Earlier today I wrote a check for $18,880 to my son’s college.
It nearly made my hand cramp up, not used to writing and all that, but also because it barely fit on the line and I had to write really, really small:
eighteen thousand eight-hundred and eighty dollars and 00/100 cents
I messed up the first time, had to void the check. Freudian slip. Wishful thinking, perhaps.
Now don’t go thinking that I’m rich. Far from it. I don’t have that money sitting lazily in a checking account ready to be spent on just anything. It’s money borrowed, the interest ticking madly, compounding as we speak, or I write.
I had to wipe my eyes first, and no, I wasn’t crying because of the check (although I should). I was crying because I just corralled another member of my family into watching Michelle Obama’s speech. It was my third time, and each time I cried. Might have let it all out and sobbed had I not been embarrassed to get so emotional…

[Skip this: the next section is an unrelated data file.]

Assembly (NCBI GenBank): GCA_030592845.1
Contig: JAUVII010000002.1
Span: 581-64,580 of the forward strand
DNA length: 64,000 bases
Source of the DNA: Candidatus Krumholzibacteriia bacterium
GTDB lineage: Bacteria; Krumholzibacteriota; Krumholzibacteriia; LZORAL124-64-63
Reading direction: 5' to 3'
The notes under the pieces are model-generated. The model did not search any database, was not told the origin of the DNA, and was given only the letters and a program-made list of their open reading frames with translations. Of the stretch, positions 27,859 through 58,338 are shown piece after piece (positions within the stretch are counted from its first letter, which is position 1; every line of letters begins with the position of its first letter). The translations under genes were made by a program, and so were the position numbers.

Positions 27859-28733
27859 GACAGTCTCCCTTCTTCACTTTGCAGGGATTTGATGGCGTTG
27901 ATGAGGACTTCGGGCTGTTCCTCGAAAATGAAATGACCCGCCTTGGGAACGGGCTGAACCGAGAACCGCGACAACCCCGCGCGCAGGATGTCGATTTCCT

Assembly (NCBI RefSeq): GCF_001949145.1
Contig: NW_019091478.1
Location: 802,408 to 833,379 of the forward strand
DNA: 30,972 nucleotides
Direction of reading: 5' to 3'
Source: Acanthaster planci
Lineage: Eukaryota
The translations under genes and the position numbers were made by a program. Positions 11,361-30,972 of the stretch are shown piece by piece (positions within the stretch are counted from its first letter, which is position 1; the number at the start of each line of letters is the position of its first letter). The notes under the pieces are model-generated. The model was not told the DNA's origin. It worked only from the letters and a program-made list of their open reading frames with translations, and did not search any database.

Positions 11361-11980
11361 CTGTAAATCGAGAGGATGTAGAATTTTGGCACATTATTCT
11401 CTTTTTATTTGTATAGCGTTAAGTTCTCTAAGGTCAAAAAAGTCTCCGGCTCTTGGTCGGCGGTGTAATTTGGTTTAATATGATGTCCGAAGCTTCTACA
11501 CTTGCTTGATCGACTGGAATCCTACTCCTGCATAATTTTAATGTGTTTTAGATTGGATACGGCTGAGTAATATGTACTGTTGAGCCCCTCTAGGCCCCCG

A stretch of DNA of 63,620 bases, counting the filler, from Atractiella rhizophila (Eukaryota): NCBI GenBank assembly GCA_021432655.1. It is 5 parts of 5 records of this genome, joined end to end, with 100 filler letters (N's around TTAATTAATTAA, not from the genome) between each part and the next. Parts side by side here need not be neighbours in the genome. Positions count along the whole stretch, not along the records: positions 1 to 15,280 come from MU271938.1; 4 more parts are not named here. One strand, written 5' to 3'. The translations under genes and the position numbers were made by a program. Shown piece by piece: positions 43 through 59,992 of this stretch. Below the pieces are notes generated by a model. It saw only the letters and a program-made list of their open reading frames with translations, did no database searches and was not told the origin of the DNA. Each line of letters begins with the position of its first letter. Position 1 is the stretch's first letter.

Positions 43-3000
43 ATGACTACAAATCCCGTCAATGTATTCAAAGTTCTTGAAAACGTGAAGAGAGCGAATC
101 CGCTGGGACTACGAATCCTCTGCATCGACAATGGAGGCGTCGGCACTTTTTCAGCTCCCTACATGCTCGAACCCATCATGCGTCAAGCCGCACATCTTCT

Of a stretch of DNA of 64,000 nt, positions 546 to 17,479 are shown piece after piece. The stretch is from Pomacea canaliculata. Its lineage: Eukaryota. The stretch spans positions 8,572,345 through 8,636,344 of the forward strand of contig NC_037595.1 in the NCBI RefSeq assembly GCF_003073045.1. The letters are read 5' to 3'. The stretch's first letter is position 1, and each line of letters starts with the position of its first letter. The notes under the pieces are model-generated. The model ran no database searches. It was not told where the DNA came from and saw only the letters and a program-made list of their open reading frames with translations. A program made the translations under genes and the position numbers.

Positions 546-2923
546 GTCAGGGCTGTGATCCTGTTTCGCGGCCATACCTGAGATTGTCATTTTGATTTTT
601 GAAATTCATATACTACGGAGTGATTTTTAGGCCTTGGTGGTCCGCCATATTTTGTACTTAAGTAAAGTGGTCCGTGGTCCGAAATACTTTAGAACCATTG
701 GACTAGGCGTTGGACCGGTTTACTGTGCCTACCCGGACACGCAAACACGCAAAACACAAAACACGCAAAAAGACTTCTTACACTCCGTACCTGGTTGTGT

Why did it resonate so much with me? Clearly I’m not alone. When I asked my son (via text, of course, the main mode of communication these days) to watch it he said he would, adding “All of my roomates said their Moms told them to watch it haha.”
If you haven’t watched it yet, do. Seriously, do. I honestly believe that it is a speech that will resonate forever. It was a moment, in so many ways, on so many levels.
You may have children who are still playing with toys, or perhaps you are young and in love (and in debt, like Michelle and Barack in their early years). Remember that you too might some day have to face what it feels like writing that check, knowing that you are spending money you don’t have. Education should be affordable.
With many friends and family abroad, we are constantly explaining how the cost of sending our children to college will inevitably put us in serious debt, a concept totally foreign to them, while so universal amongst those American families with children the same age.
They are shocked, these friends, for they come from countries (you know, like France, Canada, etc.) where the only thing that could possibly limit one’s access to university might be the student’s scores on qualifying exams. They come, you see, from countries where health care is a given, where….
…anyway, watch the video, and vote.